Visions and other leadership functions done with an eye to self-aggrandizement aren’t likely to resonate whether done by positional leaders, leaders in the instance or those who aspire.

Last year I wrote

Because initiative and leadership are synonymous, leadership needs to be pushed out of the corner office and spread throughout the organization; doing so will encourage growth, creativity and innovation.

If leadership is the fertilizer then culture is the water, without which nothing will grow, and people are the seeds from which ideas come.

By spreading leadership evenly through out your company garden and watering regularly, leaving no unfertilized or dry patches in which a seed will be stunted or die, you assure yourself a bountiful harvest that will be the envy of your competitors. (Two follow-up posts have more on this topic here and here.)

This isn’t a new idea, just a new way of phrasing it; Lao Tzu said it best 4000 years ago, “To lead the people walk behind them.”

The one thing that remains constant in all these discussions is that you always have a choice—this time it’s between leadership and leadershIt.

Image credit: HikingArtist

All You Need to Know to Be a Great Boss

Wednesday, March 19th, 2014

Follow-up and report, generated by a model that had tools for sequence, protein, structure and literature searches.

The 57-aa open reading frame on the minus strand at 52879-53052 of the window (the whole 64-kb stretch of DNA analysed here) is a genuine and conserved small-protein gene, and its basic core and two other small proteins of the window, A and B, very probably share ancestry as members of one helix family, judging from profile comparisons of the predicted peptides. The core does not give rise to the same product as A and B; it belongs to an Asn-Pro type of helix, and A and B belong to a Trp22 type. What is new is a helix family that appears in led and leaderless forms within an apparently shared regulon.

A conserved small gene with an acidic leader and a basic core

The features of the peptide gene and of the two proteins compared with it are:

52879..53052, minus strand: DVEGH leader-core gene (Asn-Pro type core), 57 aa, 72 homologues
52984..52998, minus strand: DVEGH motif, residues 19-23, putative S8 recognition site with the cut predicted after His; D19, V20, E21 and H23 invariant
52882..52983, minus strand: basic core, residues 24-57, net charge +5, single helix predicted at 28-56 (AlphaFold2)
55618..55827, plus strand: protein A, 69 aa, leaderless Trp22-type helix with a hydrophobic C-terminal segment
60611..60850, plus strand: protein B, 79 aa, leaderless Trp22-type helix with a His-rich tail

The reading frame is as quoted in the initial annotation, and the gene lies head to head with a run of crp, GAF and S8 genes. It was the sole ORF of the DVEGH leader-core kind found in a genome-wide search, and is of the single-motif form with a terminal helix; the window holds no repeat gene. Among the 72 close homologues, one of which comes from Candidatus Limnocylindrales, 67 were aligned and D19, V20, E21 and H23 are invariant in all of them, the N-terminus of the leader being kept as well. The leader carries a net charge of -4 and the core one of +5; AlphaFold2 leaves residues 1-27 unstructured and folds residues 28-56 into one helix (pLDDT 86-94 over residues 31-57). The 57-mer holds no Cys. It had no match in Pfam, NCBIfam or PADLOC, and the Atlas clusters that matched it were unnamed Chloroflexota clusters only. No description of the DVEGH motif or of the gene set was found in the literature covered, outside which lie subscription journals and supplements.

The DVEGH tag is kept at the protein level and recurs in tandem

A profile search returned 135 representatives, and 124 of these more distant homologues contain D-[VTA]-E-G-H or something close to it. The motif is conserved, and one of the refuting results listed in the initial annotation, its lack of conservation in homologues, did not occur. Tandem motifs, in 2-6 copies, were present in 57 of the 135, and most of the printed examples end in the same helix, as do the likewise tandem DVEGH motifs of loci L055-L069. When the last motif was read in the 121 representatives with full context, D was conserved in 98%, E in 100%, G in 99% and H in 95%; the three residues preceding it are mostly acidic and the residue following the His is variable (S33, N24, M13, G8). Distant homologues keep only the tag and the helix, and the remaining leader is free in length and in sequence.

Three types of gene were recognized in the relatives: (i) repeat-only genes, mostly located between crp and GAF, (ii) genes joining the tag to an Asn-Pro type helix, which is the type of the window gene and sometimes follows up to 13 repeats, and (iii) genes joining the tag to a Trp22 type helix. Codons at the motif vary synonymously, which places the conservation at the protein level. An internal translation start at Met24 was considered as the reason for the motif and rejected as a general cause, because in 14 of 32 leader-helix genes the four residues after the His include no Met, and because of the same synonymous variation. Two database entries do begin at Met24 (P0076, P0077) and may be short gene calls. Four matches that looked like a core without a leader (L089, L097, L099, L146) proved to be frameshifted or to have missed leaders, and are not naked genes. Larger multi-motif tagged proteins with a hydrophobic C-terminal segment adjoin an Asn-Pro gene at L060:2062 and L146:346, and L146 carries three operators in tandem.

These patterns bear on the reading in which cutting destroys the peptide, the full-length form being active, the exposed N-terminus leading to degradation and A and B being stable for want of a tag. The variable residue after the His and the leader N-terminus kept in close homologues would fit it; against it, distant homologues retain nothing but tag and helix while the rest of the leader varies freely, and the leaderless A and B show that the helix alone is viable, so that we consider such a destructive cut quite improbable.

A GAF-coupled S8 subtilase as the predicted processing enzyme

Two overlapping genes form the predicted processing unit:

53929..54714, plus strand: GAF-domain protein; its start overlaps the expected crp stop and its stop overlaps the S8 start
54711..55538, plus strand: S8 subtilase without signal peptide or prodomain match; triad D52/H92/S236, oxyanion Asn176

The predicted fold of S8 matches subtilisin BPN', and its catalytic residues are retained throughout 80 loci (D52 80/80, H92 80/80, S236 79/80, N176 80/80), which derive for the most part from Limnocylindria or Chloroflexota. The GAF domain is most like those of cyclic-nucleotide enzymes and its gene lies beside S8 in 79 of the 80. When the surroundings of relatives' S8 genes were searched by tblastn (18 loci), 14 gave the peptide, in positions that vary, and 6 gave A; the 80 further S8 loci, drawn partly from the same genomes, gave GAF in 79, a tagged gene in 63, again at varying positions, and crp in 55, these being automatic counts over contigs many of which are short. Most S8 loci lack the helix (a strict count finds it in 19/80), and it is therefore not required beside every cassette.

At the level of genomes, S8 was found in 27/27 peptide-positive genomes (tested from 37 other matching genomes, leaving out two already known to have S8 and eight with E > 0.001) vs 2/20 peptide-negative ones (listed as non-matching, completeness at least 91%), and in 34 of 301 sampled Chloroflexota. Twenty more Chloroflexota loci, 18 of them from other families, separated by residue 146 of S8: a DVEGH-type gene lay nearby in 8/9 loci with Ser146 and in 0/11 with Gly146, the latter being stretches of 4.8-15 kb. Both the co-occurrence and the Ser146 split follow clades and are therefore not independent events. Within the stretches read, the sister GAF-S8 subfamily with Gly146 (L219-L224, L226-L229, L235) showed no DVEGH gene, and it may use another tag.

http://en.wikipedia.org/wiki/Lao_Tzu

Many in the business world turn to Sun Tzu’s Art of War for guidance in their business dealings and as a basis for their company’s culture.

However, I’ve always preferred the teachings of Lao Tzu to underpin culture, because they provide a more solid platform to attract, motivate and retain the best people for any organization.

My favorite quote describes the perfect mindset and behavior for any boss who wants to be known as a leader.

As for the best leaders,
the people do not notice their existence.

The next best,
the people honor and praise.

The next, the people fear;
and the next, the people hate—

When the best leader’s work is done,
the people say, “We did it ourselves!”

To lead the people, walk behind them.
                                             –Lao Tzu

In case you’re not sure how to put that into practice, Lao Tzu offers this advice.

Be gentle and you can be bold; be frugal and you can be liberal; avoid putting yourself before others and you can become a leader among men.